Wednesday, June 29, 2011

Extreme Candyass!

The high temperature in Madrid is a hundred degrees (F) every day this week.

Monday I went out running at three p.m., essentially noon here in Madrid, the height of the heat. I ran down our hill, through the park to Principio Pio, down to the river, across the bridge, alongside the river, across the bridge again and up the hill. I wanted to get to the stoplight that ends the park and is halfway up the hill to our apartment. I had to look down at the sidewalk and ignore how far I had to go in order to make it.

The entire run the dry heat of Madrid burned my lungs as I sucked in air, thin with oxygen.

I'm so extreme aren't I?

Um, no.

Let me explain. I thrive on such weather. I have always run in the most insane conditions. When I was nineteen and a friend of mine was about to enter the military, I joined him on an extensive program designed to get him ready for basic training. It focused on push-ups and running. He was going to join in early spring so our regiment was in a bitter Vermont winter. We would run every day, sometimes twice or even three times a day. Being night people, we would usually run at midnight or later in below zero weather wearing shorts, t-shirt, gloves and ski-masks. See, your legs and arms and chest don't get cold when you're running, but the freezing air sucked into your lungs burns without a mask, preheated by your breath. Your fingers also get very cold when running at below zero temperatures.

Mark and I would even run before and after our main run. He lived two miles away. He would run down to my house, we would watch a movie or music videos (new at the time) and then go out for a run in the peaceful quiet dark of a Vermont winter night. Some nights he would run down to my folk's house, rest, we would go for our run, rest, run up to his house two miles away, watch something on satellite that I didn't have access to, then I would run home at four in the morning.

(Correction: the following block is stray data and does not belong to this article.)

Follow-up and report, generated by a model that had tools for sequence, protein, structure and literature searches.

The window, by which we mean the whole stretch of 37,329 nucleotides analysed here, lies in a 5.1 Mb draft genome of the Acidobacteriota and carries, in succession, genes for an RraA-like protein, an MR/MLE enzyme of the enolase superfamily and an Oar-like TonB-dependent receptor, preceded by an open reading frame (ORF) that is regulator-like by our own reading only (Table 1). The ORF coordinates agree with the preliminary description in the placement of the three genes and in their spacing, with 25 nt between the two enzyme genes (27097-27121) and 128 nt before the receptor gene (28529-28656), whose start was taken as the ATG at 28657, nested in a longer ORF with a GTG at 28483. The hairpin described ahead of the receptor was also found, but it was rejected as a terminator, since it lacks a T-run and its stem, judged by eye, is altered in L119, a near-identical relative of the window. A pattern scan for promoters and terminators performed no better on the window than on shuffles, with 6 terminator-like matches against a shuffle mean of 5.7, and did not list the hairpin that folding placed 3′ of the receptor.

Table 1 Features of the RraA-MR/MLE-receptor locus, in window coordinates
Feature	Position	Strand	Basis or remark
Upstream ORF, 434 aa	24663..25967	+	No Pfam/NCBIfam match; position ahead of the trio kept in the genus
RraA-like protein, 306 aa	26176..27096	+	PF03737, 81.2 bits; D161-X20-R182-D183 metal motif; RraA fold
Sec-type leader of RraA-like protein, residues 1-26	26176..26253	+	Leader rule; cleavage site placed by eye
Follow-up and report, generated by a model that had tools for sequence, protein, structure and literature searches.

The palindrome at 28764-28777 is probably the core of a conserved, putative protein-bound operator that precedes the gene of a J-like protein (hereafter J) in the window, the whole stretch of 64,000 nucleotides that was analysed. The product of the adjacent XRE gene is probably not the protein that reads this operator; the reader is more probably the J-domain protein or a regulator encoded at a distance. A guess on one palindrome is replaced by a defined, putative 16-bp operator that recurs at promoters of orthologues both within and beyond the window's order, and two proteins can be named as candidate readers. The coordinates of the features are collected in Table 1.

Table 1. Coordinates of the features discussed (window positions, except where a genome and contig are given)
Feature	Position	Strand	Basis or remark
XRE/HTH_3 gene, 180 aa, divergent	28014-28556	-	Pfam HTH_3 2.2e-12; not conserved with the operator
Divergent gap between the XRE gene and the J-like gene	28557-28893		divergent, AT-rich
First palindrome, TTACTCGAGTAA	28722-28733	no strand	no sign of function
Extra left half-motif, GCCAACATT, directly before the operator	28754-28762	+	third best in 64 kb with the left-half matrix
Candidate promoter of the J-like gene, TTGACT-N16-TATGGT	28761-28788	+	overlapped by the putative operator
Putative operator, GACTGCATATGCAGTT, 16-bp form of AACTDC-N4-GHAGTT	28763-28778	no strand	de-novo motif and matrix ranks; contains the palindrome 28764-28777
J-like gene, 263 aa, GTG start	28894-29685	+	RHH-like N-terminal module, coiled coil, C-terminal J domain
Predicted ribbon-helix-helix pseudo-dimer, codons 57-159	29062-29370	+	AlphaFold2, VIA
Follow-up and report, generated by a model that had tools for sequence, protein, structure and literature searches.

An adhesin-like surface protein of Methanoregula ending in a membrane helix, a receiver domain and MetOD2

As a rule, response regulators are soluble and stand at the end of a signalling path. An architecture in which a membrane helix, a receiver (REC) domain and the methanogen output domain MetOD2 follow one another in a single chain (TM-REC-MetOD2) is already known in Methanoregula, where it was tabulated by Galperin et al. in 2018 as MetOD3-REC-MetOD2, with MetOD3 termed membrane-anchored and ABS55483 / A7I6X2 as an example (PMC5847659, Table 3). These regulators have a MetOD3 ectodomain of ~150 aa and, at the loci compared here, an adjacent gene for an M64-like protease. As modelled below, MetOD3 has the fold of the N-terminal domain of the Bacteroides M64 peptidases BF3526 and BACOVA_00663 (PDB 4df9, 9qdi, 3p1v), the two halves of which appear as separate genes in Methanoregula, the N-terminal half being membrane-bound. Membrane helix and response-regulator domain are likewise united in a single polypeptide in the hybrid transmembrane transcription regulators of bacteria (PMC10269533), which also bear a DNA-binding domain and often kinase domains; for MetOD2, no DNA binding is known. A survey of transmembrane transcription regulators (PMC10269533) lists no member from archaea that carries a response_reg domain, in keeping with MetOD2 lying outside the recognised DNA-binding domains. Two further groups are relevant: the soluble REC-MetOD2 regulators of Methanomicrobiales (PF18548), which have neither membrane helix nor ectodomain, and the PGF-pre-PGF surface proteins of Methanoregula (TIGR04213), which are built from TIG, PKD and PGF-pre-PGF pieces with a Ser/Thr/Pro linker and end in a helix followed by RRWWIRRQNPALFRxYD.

That was pretty extreme.

In college, depressed over a girl, I ran 8.8 miles in a driving snowstorm in my typical t-shirt, shorts, ski mask and gloves. Two months later in early Spring I was into barefoot running but hadn't done it yet that season. I went running with a female running partner who had somehow, unexpectedly, surpassed me in endurance. The ground was frozen. The road was dirt, rocks and half-frozen mud. Every step, cold hard pain shot through my feet to mid calf. She started at a brisk pace and then I realized the whole run was going to be at this insane speed.

Five minutes in I thought: "Can I do this?"

She was one of my best friends. Very attractive, kind, wise, humble, innocent and had a boyfriend out of town who she had been faithful to for two years through college. I respected her immensely. I know she felt the same about me. One night, she had too much to drink (unusual for her) and I was actually summoned by a mutual friend to where she was. "Oh, Jamie's here, everything will be alright now," she said as she fell unconscious into my arms. I carried her back to her room where a friend took control from there.

I was not about to quit in front of her.

At this point in my life, I was just getting secure in who I was and what I was made of. I had left high school the shortest kid in my class with a horrible GPA. I was never the standout wrestling star my brother was, never once winning a tournament but collecting a vast array of third place medals. Short, not very intelligent, not exactly athletic, I only had my will and wiry frame that grew seven inches in the year after high school.

The year I took off from college and Mark and I ran, I started to come into my own. I had real willpower and a great friend. In college I cultivated a group of dependable, amazing friends who I am friends with to this day and see often.